Baur and Ehrenberg

Baur and Ehrenberg (1912) followed the work of Taitelbaum (1910, in Baur and Ehrenberg, 1912), selecting molten silver as the cathode for a coal cell because of its good oxygen-dissolving properties. With one electrode having been selected, they investigated different electrolytes, which they identified as having to be melts in order to maintain the temperature. The anode material could be either the carbon itself or, for gaseous fuels such as hydrogen and carbon monoxide, a metal but, specifically, one that was less expensive than platinum, such as iron or copper.

The electrolytes that were tested were soda (sodium hydroxide) and potash (potassium hydroxide) or a mixture of the two; potassium sodium carbonate (KNaCO3); potassium silicate (K2SiO3) with added potassium fluoride; cryolite (Na3AlF6) with alumina (Al2O3); and borax (sodium borate, NaB4O7). The temperature was 1000°C, and the researchers reported obtaining a performance of 100 A/m2 at 1 V.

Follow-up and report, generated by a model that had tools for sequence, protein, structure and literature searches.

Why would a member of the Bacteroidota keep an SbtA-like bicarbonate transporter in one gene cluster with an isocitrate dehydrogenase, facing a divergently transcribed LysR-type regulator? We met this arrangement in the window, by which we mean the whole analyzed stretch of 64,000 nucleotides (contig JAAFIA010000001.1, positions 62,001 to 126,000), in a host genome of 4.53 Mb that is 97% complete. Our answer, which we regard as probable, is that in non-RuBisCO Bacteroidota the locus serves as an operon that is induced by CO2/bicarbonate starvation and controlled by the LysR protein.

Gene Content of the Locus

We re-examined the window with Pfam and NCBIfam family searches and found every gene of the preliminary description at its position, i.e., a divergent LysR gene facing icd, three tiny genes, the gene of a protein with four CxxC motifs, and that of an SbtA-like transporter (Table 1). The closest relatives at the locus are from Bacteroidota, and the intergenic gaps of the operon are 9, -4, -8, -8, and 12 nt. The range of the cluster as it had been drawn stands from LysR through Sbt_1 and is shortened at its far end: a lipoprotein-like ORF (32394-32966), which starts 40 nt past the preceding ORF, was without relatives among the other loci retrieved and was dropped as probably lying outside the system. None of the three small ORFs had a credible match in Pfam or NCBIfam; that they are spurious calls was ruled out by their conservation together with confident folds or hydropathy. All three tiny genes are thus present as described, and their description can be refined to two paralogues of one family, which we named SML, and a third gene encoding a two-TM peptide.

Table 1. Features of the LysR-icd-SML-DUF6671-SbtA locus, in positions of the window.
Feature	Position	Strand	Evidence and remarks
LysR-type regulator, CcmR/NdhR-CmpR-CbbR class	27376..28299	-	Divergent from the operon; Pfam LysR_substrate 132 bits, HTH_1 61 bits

Iron, nickel, and copper were used as the anode electrode for testing with hydrogen and carbon monoxide, and molten silver was the oxygen electrode exposed to the air. Sodium borate was the electrolyte. With hydrogen as fuel, the iron and nickel proved to be better suited for the reaction than copper, which could not dissolve as much hydrogen and which also formed an oxide layer that would dissolve in the borate. With carbon monoxide, the highest performance of 0.80 V was achieved by the nickel, but Baur and Ehrenberg considered that value unsatisfactory.

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